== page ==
/ 25 October 2010

Mounting fuel crisis hits Sarkozy hard

Mounting Fuel Crisis Hits Sarkozy Hard

Escalating strikes against Nicolas Sarkozy’s pension reforms pushed France closer to crisis as fuel shortages were felt countrywide and violence erupted.

During a week of national demonstrations Sarkozy was forced to appeal for calm and “responsibility” after cars were burned, shop windows smashed and journalists assaulted in Nanterre, west of Paris, and in Lyon.

The president could do little to stop the oil refinery strike from biting hard. Jean-Louis Borloo, the ecology minister, said that just under 4000 petrol stations, of a total of 12 500, were “awaiting supplies”.

On the outskirts of Paris and in parts of the northwest long queues formed as motorists waited for deliveries.

Nicolas Paulissen, deputy head of the FNTR haulage union, said fuel supplies for freight vehicles would become a big problem.

“Without trucks it’s impossible to supply factories and shops and the economy becomes paralysed,” he said.
Of all the sectors disrupted by the unions’ strategy of “soft” rolling strikes, it is the fuel sector that has most rattled the government.

Despite repeatedly assuring France that chronic shortages are out of the question, ministers have now formed a crisis centre.

Speaking from an international summit in Deauville, northwest France, Sarkozy said an emergency meeting would be held to “unblock a certain number of situations”.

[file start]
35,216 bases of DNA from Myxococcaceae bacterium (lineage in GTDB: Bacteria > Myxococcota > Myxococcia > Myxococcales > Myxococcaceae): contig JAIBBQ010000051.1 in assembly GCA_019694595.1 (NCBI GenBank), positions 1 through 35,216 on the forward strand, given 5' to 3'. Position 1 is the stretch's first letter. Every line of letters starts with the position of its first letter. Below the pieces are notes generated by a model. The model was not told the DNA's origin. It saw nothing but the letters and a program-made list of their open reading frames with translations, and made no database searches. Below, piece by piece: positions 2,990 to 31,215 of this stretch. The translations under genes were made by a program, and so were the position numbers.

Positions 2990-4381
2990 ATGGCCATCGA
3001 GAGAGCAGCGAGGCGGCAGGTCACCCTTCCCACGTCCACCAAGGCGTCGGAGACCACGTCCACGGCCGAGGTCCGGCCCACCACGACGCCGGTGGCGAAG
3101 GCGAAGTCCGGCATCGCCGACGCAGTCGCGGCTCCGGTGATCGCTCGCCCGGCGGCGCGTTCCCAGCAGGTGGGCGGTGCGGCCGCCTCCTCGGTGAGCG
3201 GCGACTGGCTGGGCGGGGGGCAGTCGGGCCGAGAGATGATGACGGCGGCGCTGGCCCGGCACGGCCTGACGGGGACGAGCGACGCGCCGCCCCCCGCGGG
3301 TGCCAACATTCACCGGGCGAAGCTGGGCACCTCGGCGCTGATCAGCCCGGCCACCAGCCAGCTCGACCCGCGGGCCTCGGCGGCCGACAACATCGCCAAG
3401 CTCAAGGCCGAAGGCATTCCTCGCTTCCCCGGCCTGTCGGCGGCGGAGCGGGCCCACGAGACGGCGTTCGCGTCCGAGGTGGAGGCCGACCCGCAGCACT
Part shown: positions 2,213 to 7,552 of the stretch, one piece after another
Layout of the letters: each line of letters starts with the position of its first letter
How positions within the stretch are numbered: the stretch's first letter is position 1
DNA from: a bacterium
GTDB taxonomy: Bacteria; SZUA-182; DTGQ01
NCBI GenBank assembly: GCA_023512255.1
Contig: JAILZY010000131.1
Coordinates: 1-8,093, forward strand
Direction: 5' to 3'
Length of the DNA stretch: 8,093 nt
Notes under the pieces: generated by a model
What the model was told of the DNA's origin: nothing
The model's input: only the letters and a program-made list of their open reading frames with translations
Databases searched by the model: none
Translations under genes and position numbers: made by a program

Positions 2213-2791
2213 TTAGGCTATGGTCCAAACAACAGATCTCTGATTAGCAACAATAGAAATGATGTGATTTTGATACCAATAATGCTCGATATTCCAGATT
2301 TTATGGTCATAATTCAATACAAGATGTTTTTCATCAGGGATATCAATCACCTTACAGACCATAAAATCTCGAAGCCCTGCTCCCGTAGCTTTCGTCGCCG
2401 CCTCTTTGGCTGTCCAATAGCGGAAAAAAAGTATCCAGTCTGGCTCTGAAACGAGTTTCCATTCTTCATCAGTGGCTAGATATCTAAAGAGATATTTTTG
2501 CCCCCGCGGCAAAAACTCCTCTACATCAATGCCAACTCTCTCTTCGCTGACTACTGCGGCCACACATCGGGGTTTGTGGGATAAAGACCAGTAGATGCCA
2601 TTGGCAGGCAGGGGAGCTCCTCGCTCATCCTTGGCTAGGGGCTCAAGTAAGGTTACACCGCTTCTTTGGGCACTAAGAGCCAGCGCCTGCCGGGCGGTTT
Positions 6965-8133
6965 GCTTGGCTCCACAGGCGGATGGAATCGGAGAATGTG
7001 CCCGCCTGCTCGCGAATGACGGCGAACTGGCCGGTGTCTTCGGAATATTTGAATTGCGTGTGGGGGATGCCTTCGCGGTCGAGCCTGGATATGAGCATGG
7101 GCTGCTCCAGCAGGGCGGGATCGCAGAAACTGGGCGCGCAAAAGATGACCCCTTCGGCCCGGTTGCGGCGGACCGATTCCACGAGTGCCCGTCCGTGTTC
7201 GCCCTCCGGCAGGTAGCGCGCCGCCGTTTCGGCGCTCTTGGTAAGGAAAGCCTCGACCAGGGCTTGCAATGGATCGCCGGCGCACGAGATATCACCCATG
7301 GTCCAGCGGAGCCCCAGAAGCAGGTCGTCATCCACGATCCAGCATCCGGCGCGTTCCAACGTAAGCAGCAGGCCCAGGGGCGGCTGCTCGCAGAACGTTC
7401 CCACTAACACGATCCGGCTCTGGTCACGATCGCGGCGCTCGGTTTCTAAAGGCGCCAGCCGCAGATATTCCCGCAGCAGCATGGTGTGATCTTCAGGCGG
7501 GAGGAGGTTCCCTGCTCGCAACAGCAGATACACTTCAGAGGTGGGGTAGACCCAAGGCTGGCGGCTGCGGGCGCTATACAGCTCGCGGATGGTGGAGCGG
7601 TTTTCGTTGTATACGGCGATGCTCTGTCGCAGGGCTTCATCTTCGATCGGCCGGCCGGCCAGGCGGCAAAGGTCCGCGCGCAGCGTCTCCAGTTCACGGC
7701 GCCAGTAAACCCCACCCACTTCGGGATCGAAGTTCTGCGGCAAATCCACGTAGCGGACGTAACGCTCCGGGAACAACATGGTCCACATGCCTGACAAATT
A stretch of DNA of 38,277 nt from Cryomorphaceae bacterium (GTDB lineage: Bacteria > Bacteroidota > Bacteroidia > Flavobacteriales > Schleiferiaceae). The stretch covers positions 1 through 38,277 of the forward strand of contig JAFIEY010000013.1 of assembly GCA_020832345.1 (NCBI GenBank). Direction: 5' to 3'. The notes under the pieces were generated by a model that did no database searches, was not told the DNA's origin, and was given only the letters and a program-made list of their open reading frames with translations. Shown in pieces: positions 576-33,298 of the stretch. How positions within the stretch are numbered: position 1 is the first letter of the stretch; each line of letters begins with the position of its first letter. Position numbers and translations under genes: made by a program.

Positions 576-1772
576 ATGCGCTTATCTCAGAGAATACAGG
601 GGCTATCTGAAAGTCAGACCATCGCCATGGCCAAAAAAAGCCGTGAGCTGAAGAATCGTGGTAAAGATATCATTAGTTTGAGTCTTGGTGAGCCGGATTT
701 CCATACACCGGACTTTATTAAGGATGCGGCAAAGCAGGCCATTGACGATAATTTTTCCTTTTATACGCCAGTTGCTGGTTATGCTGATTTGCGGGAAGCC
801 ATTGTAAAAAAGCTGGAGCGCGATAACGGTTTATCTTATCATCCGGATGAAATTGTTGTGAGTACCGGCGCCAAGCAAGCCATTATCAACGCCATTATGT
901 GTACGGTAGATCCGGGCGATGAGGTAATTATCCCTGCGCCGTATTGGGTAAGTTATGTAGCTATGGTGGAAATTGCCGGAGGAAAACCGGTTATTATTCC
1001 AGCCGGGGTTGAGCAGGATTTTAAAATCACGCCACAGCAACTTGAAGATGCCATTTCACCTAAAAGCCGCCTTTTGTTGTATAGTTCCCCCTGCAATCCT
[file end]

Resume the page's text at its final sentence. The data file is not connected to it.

Shortages, he said, “cannot exist in a democracy. There are people who want to work, the immense majority, and they cannot be deprived of fuel.”

He said that he had no intention of going back on his pension reforms, which include raising the basic age of retirement from 60 to 62.

He faces arguably his toughest week in power as he waits for a vote in the Senate which, although the end of the reform’s passage into law, will close the main chapter of parliamentary debate.

But those marching in Paris refused to let the vote get them down.

For them, the reform is unjust, hitting hardest women, workers in hazardous jobs and those who start work at a young age.

“The vote is of no importance,” said Didier Caron, a 51-year-old Renault employee.

“If the street works well, it could still win.”

As students and children rubbed shoulders with pensioners and postmen, the demonstration drew 3,5-million people on to the streets, according to the unions, and 1,1-million, according to the interior ministry. —